celia wrote: Wed Nov 24, 2021 4:43 am OP, Let’s back up a bit. When talking about IRAs, we need to keep in mind they are Individual Retirement Accounts, meaning you need to keep your accounts (and calculations) separate from your spouses’s. So put all the contributions for SPOUSE1 on a separate page from SPOUSE2. It is only on the last step when your software transfers your numbers from both your and your spouse’s Forms 8606 to the Form 1040 that your numbers are merged when they appear on the 1040.
Understood.
celia wrote: Wed Nov 24, 2021 4:43 am So the earlier question as to if you have an employer retirement plan that accepts rollovers from IRAs actually applies to you and your spouse. You will have to do separate calculations from each other. But if only one of you has an employer plan that accepts IRA rollovers, you should start with that person’s accounts. Maybe it makes sense to convert the IRA for one of you in one year and the other person to convert theirs in a different year.
I need to check this. If I understand correctly, the goal is to rollover the contributions that were deductible right? For my wife it would be 62k and for me 22.5k If I manage to do this, then the backdoor from IRA to Roth IRA would not be taxed because all the contributions (minus capital gains) would have not been tax deductible, right?

celia wrote: Wed Nov 24, 2021 4:43 am
And there’s nothing that says you have to do your conversions all in one year. Maybe you want to take a year to rollover half of one person’s IRA, then the following year do 1/3 of the other person’s, and in the third year, finish the second half of the first persons. Then use the 4th and 5th years to finish the second person’s conversions. Note that if anyone takes more than one year, the pro rata rule will apply, as described in the above-referenced wiki page. Just know that every dollar was/ will be taxed just once: when contributed (and not deducted on your taxes) or when withdrawn or when converted.
If we are already in the highest tax brackets, there are no upsides of doing the rollover over couple of years right?
celia wrote: Wed Nov 24, 2021 4:43 am So, start by making a list for each person showing the year FOR WHICH a contribution was made, how much was contributed to an IRA and if the contribution was deducted on the taxes for that year (or not). Also be aware that it is possible to contribute FOR any year up until April 15 of the following year.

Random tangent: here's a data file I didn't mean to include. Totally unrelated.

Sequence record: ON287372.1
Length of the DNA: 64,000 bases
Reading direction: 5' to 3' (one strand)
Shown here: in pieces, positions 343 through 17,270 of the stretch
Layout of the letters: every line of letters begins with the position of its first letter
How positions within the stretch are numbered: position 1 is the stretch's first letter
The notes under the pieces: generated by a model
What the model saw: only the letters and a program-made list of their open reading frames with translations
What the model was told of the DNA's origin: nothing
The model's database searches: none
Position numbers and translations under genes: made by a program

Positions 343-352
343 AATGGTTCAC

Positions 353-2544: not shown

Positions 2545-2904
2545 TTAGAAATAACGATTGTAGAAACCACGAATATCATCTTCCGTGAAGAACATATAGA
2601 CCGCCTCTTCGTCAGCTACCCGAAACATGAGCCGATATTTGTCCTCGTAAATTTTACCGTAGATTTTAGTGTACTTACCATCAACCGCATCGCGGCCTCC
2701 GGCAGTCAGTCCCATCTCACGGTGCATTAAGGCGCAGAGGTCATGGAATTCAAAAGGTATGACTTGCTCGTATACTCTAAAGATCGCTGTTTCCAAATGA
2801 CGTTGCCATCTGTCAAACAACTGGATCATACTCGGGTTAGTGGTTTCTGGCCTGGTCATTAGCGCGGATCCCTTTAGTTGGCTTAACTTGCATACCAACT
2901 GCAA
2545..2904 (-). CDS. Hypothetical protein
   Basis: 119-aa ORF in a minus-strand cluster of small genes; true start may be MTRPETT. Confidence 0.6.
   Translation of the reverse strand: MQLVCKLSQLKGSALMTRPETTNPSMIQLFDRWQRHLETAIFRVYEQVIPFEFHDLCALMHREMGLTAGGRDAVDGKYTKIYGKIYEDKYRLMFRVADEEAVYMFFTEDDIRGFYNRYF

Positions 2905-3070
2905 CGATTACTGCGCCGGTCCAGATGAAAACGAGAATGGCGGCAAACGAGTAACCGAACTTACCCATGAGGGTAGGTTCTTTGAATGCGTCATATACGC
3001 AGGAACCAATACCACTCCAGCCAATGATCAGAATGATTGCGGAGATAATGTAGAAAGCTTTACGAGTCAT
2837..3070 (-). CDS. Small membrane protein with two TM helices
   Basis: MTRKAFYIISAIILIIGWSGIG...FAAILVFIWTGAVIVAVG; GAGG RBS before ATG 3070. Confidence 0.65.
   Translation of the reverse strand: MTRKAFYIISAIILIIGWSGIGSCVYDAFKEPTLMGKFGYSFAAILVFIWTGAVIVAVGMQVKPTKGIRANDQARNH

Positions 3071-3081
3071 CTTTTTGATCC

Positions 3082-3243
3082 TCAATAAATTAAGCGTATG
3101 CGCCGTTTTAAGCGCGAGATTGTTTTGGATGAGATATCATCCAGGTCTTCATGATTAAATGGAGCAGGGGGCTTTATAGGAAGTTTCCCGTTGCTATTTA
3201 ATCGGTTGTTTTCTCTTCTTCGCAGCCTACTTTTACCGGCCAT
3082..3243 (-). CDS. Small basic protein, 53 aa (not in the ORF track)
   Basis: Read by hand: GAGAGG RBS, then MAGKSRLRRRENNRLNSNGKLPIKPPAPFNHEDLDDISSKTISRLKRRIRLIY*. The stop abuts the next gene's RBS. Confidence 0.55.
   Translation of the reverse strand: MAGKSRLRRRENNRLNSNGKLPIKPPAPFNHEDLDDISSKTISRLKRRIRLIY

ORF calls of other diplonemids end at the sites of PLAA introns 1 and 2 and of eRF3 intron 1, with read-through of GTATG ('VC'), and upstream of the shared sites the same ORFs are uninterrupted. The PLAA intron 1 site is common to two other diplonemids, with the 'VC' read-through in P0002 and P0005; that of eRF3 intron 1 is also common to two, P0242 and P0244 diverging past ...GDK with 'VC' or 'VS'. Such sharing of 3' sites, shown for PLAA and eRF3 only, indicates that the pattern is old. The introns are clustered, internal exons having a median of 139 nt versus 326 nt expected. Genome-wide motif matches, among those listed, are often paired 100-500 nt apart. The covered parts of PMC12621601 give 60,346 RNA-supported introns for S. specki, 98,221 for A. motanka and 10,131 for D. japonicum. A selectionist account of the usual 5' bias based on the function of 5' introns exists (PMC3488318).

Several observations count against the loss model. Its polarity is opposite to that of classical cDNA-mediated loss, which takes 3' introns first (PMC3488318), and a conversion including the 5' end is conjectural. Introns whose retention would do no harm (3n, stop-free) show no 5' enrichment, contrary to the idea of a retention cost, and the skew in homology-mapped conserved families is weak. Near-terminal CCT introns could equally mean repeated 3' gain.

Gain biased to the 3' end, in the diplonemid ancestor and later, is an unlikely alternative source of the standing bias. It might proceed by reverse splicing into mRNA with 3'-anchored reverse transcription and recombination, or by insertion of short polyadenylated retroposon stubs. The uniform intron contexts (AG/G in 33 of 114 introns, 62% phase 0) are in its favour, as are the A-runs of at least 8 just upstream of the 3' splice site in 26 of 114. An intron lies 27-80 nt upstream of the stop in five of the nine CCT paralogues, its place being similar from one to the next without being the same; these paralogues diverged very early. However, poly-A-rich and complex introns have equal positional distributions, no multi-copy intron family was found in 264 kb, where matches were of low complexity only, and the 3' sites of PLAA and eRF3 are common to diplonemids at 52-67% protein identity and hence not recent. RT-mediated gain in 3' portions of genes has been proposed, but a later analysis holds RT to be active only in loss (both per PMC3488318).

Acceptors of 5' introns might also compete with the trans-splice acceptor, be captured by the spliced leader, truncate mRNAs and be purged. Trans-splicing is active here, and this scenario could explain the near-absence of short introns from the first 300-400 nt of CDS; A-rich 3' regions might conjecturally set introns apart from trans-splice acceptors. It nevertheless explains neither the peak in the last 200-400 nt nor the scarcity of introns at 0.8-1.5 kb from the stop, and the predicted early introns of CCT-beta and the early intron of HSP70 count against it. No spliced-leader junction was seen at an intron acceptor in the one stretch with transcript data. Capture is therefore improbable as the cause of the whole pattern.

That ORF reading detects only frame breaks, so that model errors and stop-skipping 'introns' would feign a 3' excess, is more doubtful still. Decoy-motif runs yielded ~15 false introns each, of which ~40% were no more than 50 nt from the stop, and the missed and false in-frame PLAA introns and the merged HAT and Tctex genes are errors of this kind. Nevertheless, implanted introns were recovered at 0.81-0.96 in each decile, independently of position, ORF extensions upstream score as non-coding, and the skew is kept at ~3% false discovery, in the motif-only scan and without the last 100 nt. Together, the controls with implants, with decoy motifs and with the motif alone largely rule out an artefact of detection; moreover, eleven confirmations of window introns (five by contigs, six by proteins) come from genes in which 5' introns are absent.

Then check that a Form 8606 was generated as part of the tax return whenever one of you made a non-deductble contribution and that contribution was added to previous non-deductible contributions and shows up on line 14 of Form 8606, which is the cumulative ‘basis’ for each of you.
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nerdymarketer
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Re: IRAs to ROTH IRA conversion

Post by nerdymarketer »

Also, time may be of the essence here.

We can't discuss pending legislation on this forum, but all you need to do is Google it to see why there's a chance you may need to do this backdoor conversion before Jan 1.

Since you already are looking at doing the backdoor, I'd just jump on it to be sure you complete it in the current tax year as it completely removes the risk the laws may change what's allowed.

This is all assuming that you're able to find a way to split out the pretax from after tax contribution to avoid the pro rata issue discussed above.
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David Jay
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Re: IRAs to ROTH IRA conversion

Post by David Jay »

It depends how much tax you want to pay, but I would at least convert "He" and pay the taxes on the $16,500. This clears out his account for future backdoor contributions.
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celia
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Re: IRAs to ROTH IRA conversion

Post by celia »

mavenleek wrote: Thu Nov 25, 2021 12:36 am If I understand correctly, the goal is to rollover the contributions that were deductible right? For my wife it would be 62k and for me 22.5k If I manage to do this, then the backdoor from IRA to Roth IRA would not be taxed because all the contributions (minus capital gains) would have not been tax deductible, right?
The goal is to roll over all pre-tax dollars (deductible contributions and growth) leaving only the basis (non-deductible contributions). But since assets change value daily, you probably want to liquidate things first. Even then, after you move out a chunk of money, you may get overnight interest for the money that was removed. Then you would convert everything left, paying taxes only on that interest.

Another option is to leave behind any other money you want to convert and pay taxes on. That could even be the whole account!

BTW, there are no “capital gains” in IRAs, because that term refers to gains in Taxable accounts. IRAs have “gains” (or “growth”) or possible “losses” instead.
If we are already in the highest tax brackets, there are no upsides of doing the rollover over couple of years right?
Correct, unless you planning some change that will put you in a lower tax bracket (like retirement, sabbatical, or unpaid family leave).
A dollar in Roth is worth more than a dollar in a taxable account. A dollar in taxable is worth more than a dollar in a tax-deferred account.